While I didn’t exactly dislike what I saw of Tada-kun, I also came away from the premiere with a feeling of vague disappointment. I’ve long been of the opinion that any work of fiction should be judged purely on its own merits, but it’s hard not to have high expectations of an anime when the studio has set such high standards for itself in the past, and I’m sorry to say that Tada-kun just didn’t deliver on them. It’s not that I was expecting a wonderfully absurdist comedy rather than a more conventional romance per se, but rather that I was expecting something with more uniqueness or creativity. Instead, I was let down by a bunch of stereotypical clichés which, despite being well-polished, said and did nothing to make them anything more than that. Basically, I was watching something that came across as high quality, but which at the end of the day was nothing I hadn’t seen literally hundreds of times before. It’s a shame, because I think all the raw elements were still there – they just didn’t play out in any way that was new or entertaining enough to be actually interesting.

Saredo Tsumibito wa Ryuu to Odoru/Dances with the Dragons
Score: 3/10 (Dropped)


To say the premiere of Dragons was exposition-heavy would be a huge understatement. It was more like the episode was entirely made up of expository writing – even the action scenes, which must take some kind of weird talent in and of itself. I’m not necessarily saying this title is completely bereft of decent ideas, but if there are any, they’re buried beneath the avalanche of other, far less inspiring ones, to say nothing of the show’s crappy excuse for world-building via overlong narration, random terminology, and lackluster dialogue. Also, while nowhere near as bad as, say, Magical Girl Site, I get the distinct feeling that the creators of Dragons sat down one day and thought to themselves, “Hmm, now what are all the Cool Kids into these days? Because my plan is to combine ALL OF THOSE THINGS and then my story will surely be a hit.” In other words, I had no idea that this was based on a light novel before I watched it, but became acutely aware that this was likely the case after the first two minutes. Sadly, I’m in no way exaggerating for effect, and needless to say am not about to go back for more.

Mahou Shoujo Site/Magical Girl Site
Score: 2/10 (DROPPED)


Once in a while, an anime comes along that tries so hard to be edgy and grimdark, and is so relentlessly over the top in story and tone, that I can’t help but laugh at the sheer ridiculousness of it all. That’s Site in a nutshell, and I have nothing at all positive to say about it (other than that the fact that it provided me with enough entertainment to literally make me cry with laughter by the 5-minute mark – after that, my response was mainly disgust). The show doesn’t make up for any of this in terms of its technical prowess either – in fact, some of the animation looks shoddy and low budget enough to have been fan-made, which I admit also made me laugh even though that clearly wasn’t the intent. This is by far the worst series I’ve seen in a long time, and comparing it to the likes of Madoka Magica or even its inferior successors like Day Break Illusion would be an enormous insult. If you value your integrity (or even just your sanity), for the love of god find something else to watch this season.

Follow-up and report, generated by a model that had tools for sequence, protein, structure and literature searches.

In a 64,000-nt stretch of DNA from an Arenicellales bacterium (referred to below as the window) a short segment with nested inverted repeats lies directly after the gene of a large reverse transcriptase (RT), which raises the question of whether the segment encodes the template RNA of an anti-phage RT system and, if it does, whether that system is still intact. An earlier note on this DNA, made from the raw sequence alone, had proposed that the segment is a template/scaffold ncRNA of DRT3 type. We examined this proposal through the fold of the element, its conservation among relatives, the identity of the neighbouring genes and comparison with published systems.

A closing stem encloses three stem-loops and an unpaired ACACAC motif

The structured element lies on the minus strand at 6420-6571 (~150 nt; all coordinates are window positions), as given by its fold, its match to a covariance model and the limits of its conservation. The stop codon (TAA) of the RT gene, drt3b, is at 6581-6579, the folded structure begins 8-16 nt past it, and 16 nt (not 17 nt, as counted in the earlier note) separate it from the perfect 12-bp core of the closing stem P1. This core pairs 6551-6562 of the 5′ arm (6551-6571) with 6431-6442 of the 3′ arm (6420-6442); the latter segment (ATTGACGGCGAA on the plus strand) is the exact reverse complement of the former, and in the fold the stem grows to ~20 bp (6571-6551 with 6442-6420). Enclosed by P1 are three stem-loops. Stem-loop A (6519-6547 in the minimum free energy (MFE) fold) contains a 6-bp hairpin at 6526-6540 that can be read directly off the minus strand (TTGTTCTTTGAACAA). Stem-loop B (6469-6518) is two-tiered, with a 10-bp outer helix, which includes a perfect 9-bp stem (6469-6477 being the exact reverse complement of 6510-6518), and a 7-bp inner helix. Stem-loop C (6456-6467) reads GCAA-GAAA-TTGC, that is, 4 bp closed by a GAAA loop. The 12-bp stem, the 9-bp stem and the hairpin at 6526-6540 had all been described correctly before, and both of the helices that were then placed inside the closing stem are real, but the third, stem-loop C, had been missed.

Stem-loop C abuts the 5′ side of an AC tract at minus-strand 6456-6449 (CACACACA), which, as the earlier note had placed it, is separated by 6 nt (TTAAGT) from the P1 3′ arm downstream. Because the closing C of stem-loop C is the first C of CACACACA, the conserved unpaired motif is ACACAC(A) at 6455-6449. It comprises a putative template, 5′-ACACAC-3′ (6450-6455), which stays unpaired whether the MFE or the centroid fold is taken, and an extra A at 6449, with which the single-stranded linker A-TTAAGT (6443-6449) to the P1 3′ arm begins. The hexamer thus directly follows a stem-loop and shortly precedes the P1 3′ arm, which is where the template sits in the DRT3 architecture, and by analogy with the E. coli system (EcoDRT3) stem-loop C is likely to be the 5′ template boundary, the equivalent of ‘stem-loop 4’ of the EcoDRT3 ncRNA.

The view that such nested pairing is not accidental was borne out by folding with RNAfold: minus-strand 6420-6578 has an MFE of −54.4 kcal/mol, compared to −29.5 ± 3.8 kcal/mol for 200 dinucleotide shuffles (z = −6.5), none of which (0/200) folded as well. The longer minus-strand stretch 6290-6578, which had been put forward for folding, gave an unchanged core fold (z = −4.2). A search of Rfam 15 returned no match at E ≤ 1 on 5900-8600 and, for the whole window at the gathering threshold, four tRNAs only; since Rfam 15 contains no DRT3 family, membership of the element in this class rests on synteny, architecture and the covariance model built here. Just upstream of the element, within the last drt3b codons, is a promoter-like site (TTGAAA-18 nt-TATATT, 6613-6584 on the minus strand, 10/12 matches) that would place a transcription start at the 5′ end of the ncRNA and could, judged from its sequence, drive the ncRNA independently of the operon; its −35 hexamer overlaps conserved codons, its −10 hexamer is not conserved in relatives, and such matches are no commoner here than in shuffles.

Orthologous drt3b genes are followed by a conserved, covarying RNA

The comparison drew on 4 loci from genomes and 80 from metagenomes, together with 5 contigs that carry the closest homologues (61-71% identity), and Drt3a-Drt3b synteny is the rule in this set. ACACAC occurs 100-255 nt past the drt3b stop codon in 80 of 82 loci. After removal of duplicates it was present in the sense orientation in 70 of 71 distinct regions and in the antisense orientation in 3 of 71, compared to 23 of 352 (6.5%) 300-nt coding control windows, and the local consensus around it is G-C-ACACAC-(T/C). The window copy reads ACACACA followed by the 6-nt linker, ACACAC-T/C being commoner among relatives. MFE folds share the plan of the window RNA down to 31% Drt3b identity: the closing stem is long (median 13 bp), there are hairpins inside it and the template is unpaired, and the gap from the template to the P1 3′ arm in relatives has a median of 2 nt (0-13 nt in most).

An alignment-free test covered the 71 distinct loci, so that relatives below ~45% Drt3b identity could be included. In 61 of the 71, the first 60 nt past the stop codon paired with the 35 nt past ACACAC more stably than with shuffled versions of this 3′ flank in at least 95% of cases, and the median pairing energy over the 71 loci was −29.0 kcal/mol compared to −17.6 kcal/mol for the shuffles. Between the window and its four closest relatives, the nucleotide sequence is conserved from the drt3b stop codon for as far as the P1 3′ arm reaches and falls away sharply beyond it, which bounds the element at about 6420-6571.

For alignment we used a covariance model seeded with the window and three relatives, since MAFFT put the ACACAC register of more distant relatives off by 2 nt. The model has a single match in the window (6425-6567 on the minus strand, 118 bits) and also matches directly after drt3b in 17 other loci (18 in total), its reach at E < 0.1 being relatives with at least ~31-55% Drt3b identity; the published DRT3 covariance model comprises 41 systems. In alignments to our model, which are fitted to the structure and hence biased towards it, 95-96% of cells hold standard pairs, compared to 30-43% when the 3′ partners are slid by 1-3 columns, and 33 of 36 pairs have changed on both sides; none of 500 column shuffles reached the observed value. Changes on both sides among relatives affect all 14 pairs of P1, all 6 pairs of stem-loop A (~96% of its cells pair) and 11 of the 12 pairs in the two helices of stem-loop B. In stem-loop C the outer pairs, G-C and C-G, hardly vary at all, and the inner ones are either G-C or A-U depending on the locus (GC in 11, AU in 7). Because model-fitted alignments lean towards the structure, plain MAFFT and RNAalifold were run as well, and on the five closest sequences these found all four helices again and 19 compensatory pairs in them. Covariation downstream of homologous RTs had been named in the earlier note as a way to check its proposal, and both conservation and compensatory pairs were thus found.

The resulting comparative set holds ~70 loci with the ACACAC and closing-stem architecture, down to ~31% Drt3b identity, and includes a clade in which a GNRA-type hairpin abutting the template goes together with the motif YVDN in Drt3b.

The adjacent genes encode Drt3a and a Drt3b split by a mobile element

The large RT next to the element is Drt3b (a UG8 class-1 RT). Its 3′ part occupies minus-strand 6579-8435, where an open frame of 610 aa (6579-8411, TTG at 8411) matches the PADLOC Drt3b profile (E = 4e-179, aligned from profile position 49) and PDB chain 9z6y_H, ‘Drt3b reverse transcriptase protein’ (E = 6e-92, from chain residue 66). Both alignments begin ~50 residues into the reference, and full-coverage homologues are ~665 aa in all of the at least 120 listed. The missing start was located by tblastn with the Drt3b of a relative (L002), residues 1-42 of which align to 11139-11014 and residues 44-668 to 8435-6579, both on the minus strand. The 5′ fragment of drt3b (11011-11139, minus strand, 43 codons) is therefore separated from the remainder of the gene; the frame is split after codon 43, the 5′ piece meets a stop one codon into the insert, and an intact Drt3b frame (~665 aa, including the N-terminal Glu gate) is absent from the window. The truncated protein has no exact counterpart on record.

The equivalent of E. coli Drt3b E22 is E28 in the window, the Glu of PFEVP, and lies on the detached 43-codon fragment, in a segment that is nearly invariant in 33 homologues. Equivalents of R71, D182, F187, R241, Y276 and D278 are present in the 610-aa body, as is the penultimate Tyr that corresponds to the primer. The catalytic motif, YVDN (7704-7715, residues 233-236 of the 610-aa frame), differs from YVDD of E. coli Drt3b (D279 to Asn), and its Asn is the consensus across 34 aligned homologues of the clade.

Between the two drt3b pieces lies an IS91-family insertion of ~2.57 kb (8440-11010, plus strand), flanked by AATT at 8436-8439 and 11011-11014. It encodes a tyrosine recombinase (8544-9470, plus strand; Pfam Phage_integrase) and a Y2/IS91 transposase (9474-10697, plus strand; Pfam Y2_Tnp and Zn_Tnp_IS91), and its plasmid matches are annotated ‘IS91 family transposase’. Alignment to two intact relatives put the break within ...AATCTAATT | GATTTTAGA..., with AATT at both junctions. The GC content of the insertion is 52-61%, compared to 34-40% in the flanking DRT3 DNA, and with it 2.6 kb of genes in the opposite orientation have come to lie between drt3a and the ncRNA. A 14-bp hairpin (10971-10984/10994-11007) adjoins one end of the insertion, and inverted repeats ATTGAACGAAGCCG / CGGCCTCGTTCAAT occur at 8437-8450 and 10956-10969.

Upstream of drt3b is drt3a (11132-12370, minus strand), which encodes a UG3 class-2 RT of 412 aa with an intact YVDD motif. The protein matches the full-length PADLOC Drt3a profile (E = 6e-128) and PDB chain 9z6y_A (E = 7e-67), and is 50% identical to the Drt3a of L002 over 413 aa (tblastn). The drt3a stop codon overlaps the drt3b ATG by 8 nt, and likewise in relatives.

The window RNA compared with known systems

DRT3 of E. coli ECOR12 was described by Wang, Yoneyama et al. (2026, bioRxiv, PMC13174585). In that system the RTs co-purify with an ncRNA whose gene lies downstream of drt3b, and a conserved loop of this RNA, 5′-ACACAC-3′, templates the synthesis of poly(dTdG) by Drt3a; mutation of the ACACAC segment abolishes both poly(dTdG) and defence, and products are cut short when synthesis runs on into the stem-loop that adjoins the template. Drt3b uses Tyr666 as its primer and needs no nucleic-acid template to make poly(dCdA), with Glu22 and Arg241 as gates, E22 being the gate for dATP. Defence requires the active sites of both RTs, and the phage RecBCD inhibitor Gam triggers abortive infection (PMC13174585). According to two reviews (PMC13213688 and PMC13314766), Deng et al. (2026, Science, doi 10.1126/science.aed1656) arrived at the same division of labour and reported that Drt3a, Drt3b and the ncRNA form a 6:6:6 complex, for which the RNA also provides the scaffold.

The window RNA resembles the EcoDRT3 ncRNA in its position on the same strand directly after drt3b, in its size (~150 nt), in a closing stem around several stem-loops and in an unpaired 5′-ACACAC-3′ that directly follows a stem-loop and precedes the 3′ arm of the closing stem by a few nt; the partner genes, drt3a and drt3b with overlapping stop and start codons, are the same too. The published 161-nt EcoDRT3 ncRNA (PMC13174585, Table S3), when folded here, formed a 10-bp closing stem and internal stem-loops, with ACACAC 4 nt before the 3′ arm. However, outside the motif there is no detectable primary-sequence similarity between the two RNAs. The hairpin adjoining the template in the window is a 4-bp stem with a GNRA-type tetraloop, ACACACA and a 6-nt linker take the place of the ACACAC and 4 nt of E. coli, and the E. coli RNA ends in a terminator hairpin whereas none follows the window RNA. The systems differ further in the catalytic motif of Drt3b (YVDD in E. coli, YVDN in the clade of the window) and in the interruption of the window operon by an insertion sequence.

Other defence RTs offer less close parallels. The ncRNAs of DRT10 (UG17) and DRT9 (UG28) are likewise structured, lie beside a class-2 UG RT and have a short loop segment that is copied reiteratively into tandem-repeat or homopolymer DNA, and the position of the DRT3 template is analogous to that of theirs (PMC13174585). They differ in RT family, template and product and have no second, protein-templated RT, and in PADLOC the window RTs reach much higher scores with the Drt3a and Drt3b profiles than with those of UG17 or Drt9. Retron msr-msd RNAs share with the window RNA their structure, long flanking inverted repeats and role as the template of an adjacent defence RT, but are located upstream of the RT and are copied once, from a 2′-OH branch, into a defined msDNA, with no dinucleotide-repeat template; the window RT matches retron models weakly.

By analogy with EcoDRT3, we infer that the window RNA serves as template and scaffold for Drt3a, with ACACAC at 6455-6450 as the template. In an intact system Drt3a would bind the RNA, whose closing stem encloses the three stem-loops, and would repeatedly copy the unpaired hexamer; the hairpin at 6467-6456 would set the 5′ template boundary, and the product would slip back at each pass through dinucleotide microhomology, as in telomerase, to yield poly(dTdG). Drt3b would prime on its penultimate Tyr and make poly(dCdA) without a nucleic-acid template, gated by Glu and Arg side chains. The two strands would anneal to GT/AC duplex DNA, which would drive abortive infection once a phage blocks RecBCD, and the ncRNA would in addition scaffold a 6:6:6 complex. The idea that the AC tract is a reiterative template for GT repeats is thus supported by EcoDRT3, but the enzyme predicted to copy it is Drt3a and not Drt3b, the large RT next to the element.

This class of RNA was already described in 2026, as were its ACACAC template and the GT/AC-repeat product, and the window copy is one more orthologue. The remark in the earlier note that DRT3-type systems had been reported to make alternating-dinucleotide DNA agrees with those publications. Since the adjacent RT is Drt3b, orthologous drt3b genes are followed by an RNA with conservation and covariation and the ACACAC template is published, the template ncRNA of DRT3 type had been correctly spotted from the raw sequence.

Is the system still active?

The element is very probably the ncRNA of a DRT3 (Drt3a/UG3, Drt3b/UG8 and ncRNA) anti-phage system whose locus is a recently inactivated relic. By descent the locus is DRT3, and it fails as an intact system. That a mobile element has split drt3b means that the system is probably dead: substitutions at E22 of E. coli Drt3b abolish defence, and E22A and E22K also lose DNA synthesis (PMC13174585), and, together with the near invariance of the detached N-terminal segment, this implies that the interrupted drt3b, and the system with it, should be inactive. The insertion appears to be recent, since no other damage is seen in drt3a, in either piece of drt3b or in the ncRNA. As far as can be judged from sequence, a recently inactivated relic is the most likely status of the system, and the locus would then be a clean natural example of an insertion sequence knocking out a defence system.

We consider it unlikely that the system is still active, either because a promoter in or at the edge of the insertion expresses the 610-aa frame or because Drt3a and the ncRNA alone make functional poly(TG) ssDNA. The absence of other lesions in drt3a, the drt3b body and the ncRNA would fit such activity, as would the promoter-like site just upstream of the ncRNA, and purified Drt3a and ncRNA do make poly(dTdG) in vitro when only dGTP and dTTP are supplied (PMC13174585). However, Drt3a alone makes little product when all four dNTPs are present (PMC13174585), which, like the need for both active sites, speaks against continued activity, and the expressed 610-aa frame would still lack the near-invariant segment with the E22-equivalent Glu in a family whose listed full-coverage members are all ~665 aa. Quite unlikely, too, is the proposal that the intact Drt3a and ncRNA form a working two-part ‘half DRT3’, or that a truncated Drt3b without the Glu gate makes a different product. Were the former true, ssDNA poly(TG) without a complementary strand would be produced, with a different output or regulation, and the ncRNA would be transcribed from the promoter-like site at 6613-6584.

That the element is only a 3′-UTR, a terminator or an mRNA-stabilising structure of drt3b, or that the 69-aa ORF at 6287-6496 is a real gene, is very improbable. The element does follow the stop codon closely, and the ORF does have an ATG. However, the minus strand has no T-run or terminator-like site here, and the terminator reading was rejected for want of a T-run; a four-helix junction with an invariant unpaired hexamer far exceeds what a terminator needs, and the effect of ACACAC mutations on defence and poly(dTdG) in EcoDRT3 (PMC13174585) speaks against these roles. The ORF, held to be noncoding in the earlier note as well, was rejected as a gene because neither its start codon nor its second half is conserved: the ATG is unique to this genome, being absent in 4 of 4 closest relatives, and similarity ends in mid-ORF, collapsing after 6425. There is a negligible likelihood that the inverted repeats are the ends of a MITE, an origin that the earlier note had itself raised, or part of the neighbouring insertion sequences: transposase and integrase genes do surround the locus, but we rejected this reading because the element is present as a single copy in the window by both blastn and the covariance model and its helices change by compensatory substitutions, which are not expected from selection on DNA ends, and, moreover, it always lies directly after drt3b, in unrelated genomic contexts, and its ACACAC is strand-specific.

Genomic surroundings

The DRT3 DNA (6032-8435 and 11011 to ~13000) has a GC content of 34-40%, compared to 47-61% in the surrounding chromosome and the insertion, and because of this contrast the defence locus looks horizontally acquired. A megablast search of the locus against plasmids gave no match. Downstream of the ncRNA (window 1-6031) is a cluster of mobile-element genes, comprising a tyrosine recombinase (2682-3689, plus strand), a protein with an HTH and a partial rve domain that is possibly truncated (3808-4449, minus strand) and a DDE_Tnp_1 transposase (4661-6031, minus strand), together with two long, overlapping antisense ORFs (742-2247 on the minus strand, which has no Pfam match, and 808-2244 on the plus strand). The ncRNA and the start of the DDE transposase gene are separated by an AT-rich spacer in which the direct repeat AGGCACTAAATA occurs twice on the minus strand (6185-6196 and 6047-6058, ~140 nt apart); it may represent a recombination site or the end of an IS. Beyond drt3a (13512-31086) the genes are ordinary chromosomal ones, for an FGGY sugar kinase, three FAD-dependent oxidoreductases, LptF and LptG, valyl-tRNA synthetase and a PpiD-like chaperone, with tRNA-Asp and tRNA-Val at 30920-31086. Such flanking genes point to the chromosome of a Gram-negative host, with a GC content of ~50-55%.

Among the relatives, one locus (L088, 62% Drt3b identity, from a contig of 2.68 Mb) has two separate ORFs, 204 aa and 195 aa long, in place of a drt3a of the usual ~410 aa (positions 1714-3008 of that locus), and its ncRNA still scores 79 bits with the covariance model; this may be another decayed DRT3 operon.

Devils Line
Score: 3/10 (Dropped)


I’ll be real with you guys, I didn’t make it past the first half of this episode and only have a rough idea of where it went after that because I started randomly skipping until the conclusion. That’s how bored I was. On the one hand, I have trouble completely condemning a show if I didn’t even finish the premiere. On the other hand, I was just so struck by the generic-ness of literally everything about Devils Line, from the story to the visuals, that I didn’t even have the patience to sit still for another ten minutes. I think that probably says something of significance in and of itself. Anyhow, assuming you’re still not over the whole vampire romance craze (didn’t that end three or four years back?), just know that Devils Line adds absolutely nothing new to the genre (think a combination of a poor man’s Tokyo Ghoul and Twilight), and that the animation is pretty terrible to boot.

Amanchu! Advance
Score: 8/10


I don’t feel that I need to write too much about this one, as I foresee it as being fairly similar to season one (which I eventually ended up writing a review on – feel free to browse). And that’s certainly not a bad thing – if you’re after something sweet, peaceful, and easy on the pacing, look no further than Amanchu!. It’s essentially about two things, scuba diving and friendship, and the latter probably even more than the former given the closeness of our two main characters. In fact, I tend to view that relationship as a platonic romance above anything else, and I wish more traditional anime romances had the same level of mutual respect and communication going on. What’s also great about Amanchu! is that it’s an extremely innocent series; more mature than you’d perhaps think at first sight, given Hikari’s wonderful derp face, but also pure and charming enough that even an entire scene about a potential ‘nip slip’ comes across as genuinely cute and funny rather than gratuitous or sleazy. Amachu! is basically the perfect weekend relaxer, and I’m more than happy to see its return.